Photoshoots > 063 – Red Eye (2010)
Bungee jumping? Zac Efron loves it, stress-free. It’s tall, super-steep waterslides that spook the rising star.
“There is an element of like, ‘You could fall out,’” says Efron, 22. “There’s vert on that thing. It goes straight down, but you’re not strapped in. I trust the elastic.”
In his career, however, Efron—best known for playing the singing, dancing, basketball-loving Troy Bolton in the “High School Musical” franchise—is ready for serious risk. Rather than continue to showcase his musical talents and impressive footwork, Efron passed on remaking “Footloose” to do the somber drama “Charlie St. Cloud,” opening July 30. The film is based on Ben Sherwood’s novel “The Death and Life of Charlie St. Cloud” and offers Efron, recently seen in “Me and Orson Welles” and “17 Again,” a chance to take on his most dramatic, emotional starring role yet. “I didn’t know if I could actually pull it off,” he says.
Charlie (Efron) is a star sailor with a full scholarship waiting for him at Stanford, but the death of Charlie’s little brother Sam (Charlie Tahan) throws Charlie’s life way off course. Especially when, five years later, Charlie still sees visions of Sam and prefers to play catch with his brother in the woods than pursue Tess (Amanda Crew), a cutie who had eyes for Charlie back in high school.
Efron again proves he can do mature, charismatic work no matter what the material. The California native, who is still dating his “High School Musical” co-star Vanessa Hudgens, chatted with us about his career and lots more at the Peninsula Hotel, just after downing a filet mignon at Gibson’s.
What do you think your “High School Musical” character Troy Bolton is doing right now?
[Laughs] He’s playing pro ball, I think. He probably went to the Bulls instead of LeBron.
What can he bring to the team?
I think he’d be a good point guard.
Take a hike, Derrick Rose!
[Laughs] Yeah, I think Troy’s probably benched right now, but I think in the next couple years he’s really going to come to fruition.
Were there nerves about getting to the emotional levels of “Charlie St. Cloud”?
Sort of. It was just about trying something new and stepping outside the comfort zone. Everyone laid out these things in front of me that were just too good to be true; on paper they just couldn’t fail. I wanted to do something for me, so I could believe in myself on the inside.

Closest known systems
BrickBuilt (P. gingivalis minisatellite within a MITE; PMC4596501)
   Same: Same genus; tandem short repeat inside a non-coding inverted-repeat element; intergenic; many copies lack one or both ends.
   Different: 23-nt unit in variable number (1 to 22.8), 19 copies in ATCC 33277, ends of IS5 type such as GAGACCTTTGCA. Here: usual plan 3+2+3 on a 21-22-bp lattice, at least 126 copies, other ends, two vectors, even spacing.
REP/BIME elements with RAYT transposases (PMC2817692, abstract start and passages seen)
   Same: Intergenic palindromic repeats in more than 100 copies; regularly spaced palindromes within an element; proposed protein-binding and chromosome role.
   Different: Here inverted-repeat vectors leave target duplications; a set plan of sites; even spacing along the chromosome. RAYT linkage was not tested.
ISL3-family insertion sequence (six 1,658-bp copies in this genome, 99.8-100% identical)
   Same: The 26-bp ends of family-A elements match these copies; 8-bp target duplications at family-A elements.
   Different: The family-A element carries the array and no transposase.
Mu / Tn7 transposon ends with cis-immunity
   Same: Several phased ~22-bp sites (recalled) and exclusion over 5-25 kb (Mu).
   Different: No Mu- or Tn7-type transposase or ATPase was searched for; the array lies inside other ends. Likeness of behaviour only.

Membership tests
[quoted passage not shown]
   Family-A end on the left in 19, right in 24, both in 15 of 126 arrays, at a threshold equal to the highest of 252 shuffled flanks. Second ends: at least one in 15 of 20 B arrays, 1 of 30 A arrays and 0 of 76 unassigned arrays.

You have passionate fans, you’re on magazine covers, and you’re included on all sorts of “sexiest” lists. When’s a time you’ve felt insecure?
[Pause, then serious] It’s never fan interactions, and it never has to do, usually, with magazine covers or anything like that. That’s fine. Sometimes when it can get to you or you start to feel insecure … first of all, just never really go on the Internet. Don’t look at reviews or anything like that because there’s no filtration.
Do you feel sensitive to those things?
Yeah, of course. You can’t help it. Someone actually says those things.
Anyone would feel that way, having your job performance knocked.
Yeah, as anyone would. So I make a point to not go there, and I try and focus on what I know I can do better. It’s pretty amazing out there. You really feel like a jackass. But not so much recently. … Sometimes when the paparazzi … you fly across the world for seclusion, and then someone’s there to document it and show everyone. Sometimes that gets to you a little bit. It’s just an element of frustration. You really do want to have some moments for yourself.
What’s the most overwhelming experience you’ve had with fans?
Mall of America. Just recently. It was like two days ago. Ah, it was about three days ago now. It’s all blending together, but that was insane. I’ve never seen 7,000 fans en masse.
What was going through your head?
I was speechless. I don’t know what to even relate that to. It’s unlike any premiere. It was four or five levels of fans and you in the center, and deafening. I’ve had some pretty loud premieres and things where it’s like you slip in some earplugs, but I’ve never heard anything like this. And I looked around and I’m like, “I can’t be the only one.” And all the security and the cops that were there, and there was a lot of them; they were all like this: [covers his ears and closes his eyes]. These big, tough [people] … I didn’t feel so bad, you know. So that was pretty funny. Just nuts.
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Source: Metromix Chicago